Why Innovation Groups Don’t work in Incumbent Organisations 

The success stories of innovation groups and flanker brands from incumbent organisations are few and far between. Those that exist are the exceptions that prove the rule. And yet, many (if not most) big enterprise businesses continue to follow the same model and playbook, expecting a different result. What was it that Einstein said about insanity? 


Innovation is the fuel for growth and corporate longevity. Innovation is why challengers grow and incumbents decline. The problem is not that incumbents don’t understand the need to innovate, it’s how they incentivise and support innovation. We’ve been part of more flanker brands, innovation cells, and entrepreneur teams than we can count. Here’s what we’ve seen and learned about what works and what doesn’t. 


Fundamentally, there’s an inherent conflict between an incumbent’s core business and the challenger brands they try to create. The core business is about sustaining the status quo, while the challenger brand is about evolving or reinventing it. 


The challenger brand, by definition and if done right, is meant to put the core business out of business. Maybe not in any practical, realistic way, but in theory that’s what innovation groups are about – putting the core company out of business before somebody else does. Which is fine when it’s just an idea. Just done for perception, internal discussions or headlines (aka “innovation theater”). 


But if or when any of those brands in the innovation group get traction, they get pulled back into the core machine. Because people start to want a piece of the success and because there’s already an established “a way to do things here”. And even if those innovation brands can survive as part of the machine, they still face an existential threat because they are, again by definition, in direct competition with the core business.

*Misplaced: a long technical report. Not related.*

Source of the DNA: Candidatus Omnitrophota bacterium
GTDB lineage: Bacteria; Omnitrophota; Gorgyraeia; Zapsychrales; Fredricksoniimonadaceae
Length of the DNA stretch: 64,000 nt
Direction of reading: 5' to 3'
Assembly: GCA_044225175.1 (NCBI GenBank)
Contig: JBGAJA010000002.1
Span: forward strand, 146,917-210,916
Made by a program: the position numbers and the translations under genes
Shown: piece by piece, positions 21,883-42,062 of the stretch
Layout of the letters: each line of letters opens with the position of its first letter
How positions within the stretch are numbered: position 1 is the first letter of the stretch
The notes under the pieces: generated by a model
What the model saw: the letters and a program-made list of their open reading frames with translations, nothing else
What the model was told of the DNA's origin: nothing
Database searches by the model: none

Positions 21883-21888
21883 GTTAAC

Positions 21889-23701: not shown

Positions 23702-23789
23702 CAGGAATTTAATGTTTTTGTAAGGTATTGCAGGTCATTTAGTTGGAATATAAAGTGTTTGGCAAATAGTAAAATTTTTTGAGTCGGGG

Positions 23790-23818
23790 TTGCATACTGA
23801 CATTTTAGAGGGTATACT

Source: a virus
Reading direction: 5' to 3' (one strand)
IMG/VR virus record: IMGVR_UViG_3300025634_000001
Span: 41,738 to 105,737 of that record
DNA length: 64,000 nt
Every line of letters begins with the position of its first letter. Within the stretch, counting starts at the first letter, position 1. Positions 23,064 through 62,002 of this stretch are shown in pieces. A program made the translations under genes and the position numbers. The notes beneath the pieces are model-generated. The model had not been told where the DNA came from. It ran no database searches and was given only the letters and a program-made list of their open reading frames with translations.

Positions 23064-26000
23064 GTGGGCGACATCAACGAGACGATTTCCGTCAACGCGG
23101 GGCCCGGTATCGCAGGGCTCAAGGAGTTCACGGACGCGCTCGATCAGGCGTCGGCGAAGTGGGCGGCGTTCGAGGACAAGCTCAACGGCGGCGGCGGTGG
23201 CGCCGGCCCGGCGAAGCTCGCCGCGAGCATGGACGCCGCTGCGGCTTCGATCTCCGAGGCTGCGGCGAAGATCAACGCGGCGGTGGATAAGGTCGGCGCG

Many incumbents are also oriented towards the short-term, not the long-term. Quarterly results, annual bonuses, 3-5 year CEO tenures, IPOs. The core business always supports the short-term objectives, but  successful challenger brands are usually oriented towards long-term objectives (i.e. changing how things are done). 


We believe in the innovation group model. We believe one of the most important jobs of any leader (CEO, CMO, etc), especially in big, incumbent businesses, is to try to be their own challengers (their own Rivals dare we say?). So, while the idea and the theory are right, the execution and follow-through are often wrong. When that inherent conflict of short- vs long-term comes to a head, most choose short-term. And in order to truly innovate you need to choose the long-term. You need to let those challenger brands grow on their own, not pull them back in. You need to follow through on actually letting mind and market share go to them. If you don’t put yourself out of business, someone else will. 


Have a thought on this? We'd love to hear it.

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